ADO.NET connection resiliency

In a previous post I mentioned a new feature that was going to be added in .NET Framework 4.5.1: ‘ADO.NET connection resiliency’.
Now that .NET 4.5.1 is RTM, I decided to check what exactly is this all about.I wrote a very simple console application, that uses ‘raw’ ADO.NET to connect to a database and repeatedly performs a simple query:

        static void Main(string[] args)
        {
            string connectionString = ConfigurationManager.ConnectionStrings["TestDB"].ConnectionString;

            string queryString = "SELECT Id, FirstName, LastName FROM dbo.Persons WHERE FirstName = @firstName";
            string firstName = string.Empty;

            while (firstName.ToLowerInvariant() != "q")
            {
                Console.Write("First name: ");
                firstName = Console.ReadLine();

                using (SqlConnection connection = new SqlConnection(connectionString))
                {
                    SqlCommand command = new SqlCommand(queryString, connection);
                    command.Parameters.AddWithValue("@firstName", firstName);

                    try
                    {
                        connection.Open();
                        SqlDataReader reader = command.ExecuteReader();
                        while (reader.Read())
                        {
                            Console.WriteLine("\t{0}\t{1}\t{2}", reader[0], reader[1], reader[2]);
                        }
                        reader.Close();
                    }
                    catch (Exception ex)
                    {
                        Console.WriteLine(ex.Message);
                    }
                }
            }
        }

All we do is to read a name, open a ADO.NET connection, execute a command, read the results, repeat.

Let’s build and run this code on a previous version of .NET Framework, let’s say 3.5:
Target NET 3.5
All works fine:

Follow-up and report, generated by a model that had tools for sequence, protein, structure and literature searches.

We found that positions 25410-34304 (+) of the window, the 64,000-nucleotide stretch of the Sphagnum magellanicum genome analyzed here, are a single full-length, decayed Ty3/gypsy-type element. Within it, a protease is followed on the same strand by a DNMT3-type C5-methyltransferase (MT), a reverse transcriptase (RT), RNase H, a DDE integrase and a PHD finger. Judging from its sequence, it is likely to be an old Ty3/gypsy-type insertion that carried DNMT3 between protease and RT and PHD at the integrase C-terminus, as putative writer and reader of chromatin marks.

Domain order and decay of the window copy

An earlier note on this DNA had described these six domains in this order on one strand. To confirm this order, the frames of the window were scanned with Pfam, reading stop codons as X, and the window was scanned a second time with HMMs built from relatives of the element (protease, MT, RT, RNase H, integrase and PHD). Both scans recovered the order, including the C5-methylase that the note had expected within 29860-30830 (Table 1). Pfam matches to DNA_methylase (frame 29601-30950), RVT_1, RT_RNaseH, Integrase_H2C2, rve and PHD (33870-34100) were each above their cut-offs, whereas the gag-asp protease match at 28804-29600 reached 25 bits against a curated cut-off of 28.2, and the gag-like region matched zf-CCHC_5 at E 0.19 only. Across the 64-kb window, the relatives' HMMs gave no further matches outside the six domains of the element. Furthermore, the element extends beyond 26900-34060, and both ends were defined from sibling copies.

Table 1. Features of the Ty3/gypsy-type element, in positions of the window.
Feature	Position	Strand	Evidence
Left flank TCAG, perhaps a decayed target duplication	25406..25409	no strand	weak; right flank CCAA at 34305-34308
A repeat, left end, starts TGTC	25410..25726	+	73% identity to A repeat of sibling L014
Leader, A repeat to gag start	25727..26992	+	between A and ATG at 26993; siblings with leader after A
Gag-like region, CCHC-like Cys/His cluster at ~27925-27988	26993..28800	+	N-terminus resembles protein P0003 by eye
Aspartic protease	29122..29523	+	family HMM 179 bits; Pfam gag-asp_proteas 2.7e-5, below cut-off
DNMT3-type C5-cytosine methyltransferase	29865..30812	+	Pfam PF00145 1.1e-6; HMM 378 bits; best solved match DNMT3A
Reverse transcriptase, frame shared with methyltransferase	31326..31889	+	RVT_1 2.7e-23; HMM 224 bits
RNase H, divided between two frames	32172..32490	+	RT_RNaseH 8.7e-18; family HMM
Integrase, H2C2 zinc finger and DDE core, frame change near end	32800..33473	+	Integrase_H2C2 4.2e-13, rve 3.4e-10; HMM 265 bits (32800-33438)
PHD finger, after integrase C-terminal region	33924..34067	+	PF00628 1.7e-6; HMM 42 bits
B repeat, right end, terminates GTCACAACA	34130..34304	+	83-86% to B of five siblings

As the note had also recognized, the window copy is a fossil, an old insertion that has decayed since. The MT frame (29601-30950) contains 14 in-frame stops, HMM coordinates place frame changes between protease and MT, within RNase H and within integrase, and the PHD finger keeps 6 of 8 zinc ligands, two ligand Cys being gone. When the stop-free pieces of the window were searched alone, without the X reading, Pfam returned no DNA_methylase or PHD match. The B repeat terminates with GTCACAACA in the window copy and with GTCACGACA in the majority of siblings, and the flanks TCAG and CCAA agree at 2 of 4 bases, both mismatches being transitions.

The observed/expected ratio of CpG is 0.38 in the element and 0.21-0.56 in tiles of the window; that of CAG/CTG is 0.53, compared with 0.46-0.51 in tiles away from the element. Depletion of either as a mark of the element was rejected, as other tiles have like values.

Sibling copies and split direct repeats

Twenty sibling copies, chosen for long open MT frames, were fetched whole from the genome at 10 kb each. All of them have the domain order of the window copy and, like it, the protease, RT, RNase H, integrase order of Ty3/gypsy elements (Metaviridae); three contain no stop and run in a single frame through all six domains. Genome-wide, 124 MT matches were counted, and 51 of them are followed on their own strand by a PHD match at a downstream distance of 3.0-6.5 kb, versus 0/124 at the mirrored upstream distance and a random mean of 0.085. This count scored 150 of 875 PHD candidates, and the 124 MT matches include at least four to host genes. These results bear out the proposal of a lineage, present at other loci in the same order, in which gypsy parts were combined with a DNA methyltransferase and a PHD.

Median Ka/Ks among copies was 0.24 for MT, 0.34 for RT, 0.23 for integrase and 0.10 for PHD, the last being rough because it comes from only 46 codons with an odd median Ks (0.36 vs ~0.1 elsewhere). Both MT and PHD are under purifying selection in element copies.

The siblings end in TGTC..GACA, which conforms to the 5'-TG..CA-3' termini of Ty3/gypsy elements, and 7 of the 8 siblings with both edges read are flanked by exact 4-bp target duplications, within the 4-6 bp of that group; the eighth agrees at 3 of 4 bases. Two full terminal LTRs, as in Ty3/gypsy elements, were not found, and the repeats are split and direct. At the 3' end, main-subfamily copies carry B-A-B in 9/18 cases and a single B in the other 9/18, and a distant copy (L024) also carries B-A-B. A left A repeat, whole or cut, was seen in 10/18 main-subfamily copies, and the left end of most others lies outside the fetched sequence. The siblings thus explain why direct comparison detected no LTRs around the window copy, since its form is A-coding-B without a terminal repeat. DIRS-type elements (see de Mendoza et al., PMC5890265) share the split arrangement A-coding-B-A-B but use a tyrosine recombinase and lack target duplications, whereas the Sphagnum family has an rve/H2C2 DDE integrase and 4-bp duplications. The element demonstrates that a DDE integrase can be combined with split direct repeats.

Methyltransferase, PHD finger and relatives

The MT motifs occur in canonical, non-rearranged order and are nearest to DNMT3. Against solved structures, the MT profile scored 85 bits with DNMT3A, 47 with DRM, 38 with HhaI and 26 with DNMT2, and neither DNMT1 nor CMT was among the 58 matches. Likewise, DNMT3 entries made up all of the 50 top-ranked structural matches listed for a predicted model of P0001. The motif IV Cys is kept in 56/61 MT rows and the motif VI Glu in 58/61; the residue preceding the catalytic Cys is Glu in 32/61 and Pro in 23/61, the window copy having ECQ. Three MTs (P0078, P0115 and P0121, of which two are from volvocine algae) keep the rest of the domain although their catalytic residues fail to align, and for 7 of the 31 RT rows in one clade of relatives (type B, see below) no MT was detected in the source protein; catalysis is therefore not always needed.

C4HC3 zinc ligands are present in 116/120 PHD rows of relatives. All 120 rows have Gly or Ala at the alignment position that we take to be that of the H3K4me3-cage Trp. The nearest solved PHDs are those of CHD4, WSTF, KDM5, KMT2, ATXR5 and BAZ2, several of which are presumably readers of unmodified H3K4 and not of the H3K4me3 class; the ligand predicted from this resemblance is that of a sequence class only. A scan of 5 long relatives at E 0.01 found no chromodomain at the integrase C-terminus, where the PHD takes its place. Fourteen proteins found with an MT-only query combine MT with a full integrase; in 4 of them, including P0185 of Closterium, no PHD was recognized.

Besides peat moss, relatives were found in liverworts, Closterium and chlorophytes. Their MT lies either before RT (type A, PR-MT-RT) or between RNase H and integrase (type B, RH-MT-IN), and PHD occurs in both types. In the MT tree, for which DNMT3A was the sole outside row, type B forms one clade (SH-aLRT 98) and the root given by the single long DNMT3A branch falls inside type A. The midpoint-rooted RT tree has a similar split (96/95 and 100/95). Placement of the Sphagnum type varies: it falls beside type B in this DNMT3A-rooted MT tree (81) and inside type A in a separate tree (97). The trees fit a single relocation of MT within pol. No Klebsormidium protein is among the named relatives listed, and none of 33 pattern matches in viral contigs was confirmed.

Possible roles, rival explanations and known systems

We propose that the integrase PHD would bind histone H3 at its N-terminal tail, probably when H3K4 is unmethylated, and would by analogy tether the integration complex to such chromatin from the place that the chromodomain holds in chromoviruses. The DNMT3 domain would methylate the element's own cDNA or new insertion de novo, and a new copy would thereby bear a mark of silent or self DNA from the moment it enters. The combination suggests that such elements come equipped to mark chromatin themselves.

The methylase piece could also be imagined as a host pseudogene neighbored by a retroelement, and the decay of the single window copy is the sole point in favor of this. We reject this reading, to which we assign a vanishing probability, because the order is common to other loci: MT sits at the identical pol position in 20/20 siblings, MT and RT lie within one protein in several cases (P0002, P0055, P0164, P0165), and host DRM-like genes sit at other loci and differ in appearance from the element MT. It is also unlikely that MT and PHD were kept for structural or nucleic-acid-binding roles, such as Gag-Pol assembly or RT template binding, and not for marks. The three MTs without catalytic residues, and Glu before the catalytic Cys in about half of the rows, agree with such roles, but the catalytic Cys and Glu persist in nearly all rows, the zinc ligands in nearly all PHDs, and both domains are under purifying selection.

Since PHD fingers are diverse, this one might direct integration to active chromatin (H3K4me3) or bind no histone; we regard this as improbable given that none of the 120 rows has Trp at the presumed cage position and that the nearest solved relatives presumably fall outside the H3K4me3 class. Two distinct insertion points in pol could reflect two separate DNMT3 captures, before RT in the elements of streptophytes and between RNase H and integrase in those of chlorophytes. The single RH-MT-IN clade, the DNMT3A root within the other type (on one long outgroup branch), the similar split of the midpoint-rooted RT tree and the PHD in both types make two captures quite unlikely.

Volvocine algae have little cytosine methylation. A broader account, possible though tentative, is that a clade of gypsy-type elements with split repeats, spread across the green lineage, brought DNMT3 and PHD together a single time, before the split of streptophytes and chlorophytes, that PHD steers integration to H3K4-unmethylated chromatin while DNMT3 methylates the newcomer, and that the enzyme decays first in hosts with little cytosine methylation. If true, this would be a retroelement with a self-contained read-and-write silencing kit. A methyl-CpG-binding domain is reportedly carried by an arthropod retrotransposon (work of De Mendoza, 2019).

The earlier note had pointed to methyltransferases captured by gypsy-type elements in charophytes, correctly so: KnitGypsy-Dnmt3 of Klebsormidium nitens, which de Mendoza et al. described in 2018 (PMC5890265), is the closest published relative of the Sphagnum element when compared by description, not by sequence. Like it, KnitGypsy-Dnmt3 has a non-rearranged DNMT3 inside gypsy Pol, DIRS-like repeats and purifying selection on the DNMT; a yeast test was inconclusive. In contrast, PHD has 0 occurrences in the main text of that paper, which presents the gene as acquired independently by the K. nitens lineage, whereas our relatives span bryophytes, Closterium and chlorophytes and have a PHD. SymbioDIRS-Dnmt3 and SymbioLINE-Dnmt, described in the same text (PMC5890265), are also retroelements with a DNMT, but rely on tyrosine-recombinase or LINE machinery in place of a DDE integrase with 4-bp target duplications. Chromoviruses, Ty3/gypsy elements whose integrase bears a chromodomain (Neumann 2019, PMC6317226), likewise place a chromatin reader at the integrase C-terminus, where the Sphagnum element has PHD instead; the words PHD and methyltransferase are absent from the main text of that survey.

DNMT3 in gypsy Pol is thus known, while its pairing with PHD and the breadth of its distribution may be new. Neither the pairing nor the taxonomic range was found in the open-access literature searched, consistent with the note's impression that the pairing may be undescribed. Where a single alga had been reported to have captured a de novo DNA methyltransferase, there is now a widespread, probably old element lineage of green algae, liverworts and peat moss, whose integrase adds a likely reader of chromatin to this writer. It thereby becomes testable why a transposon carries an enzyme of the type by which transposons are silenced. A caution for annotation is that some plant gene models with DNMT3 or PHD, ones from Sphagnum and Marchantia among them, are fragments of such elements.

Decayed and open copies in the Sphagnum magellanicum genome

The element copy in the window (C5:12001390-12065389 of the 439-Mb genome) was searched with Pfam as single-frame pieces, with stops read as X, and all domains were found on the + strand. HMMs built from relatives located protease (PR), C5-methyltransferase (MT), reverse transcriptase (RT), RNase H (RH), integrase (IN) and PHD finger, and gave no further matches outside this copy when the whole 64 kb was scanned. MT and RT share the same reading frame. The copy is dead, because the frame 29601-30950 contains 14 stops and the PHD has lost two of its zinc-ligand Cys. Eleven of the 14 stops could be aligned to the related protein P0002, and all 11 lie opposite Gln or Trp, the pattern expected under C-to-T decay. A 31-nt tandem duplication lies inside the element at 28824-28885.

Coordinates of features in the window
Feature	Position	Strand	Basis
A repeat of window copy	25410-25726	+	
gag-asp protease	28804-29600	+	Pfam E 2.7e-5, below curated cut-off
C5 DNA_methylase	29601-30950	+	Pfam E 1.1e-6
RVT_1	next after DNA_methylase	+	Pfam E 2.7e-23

Run 3.5 Success

until somebody or something kills the connection from the ADO.NET connection pools that was still opened and connected to SQL Server:
CloseConnectionTcpView

If we try to execute a command on the database, ADO.NET uses the same connection from the pool, without knowing that it was closed by an external party:
Run 3.5 Error

This is not a permanent error and if we try again a new connection is created:

Run 3.5 Success

Let’s try to target .NET Framework 4.5.1 (under Visual Studio 2013):
Target .NET 4.5.1

Now, even if we kill the TCP/IP connection to the database server, no exception is triggered:
Run 4.5.1 Success

What happens under the covers? I didn’t found too much on MSDN, but most likely, ADO.NET catches the error and re-opens the connection.
All I found is a short info on a .NET 4.5.1 announcement post (http://blogs.msdn.com/b/dotnet/archive/2013/10/17/net-framework-4-5-1-rtm-gt-start-coding.aspx):
‘Under the covers, this new feature provides a robust connectivity system for recreating broken connections and re-trying transactions’

Unfortunately, it seems that this feature can be used only with SQL Azure or SQL Server 2014 (CTP2) (source).
This is somehow expected, because it’s a feature of the MS ADO.NET Provider for SQL Server, not ADO.NET in general.
Other third-party ADO.NET providers seem to have a similar feature for some time, like DataDirect ADO.NET providers:
http://www.datadirect.com/resources/resource-library/adonet-developer-center/adonet-tutorials/failover-support-in-datadirect-adodotnet-data-providers/connection-retry

It seems that by default, ADO.NET will retry only once, but this can be configured (http://msdn.microsoft.com/en-us/library/system.data.sqlclient.sqlconnectionstringbuilder.connectretrycount(v=vs.110).aspx).

The same goes for the interval between retries (10s by default): http://msdn.microsoft.com/en-us/library/system.data.sqlclient.sqlconnectionstringbuilder.connectretryinterval(v=vs.110).aspx

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2 Responses to ADO.NET connection resiliency

  1. Hi there! Thank you for really useful post.
    Can you also share connection string you’ve been using? I am asking for this because I tried your approach connecting to Azure and I am constantly getting following error:

    Msg 64, Level 20, State 0, Line 0
    A transport-level error has occurred when receiving results from the server. (provider: TCP Provider, error: 0 – The specified network name is no longer available.)

  2. Pingback: ADO Connection Resiliency | SQLAndy

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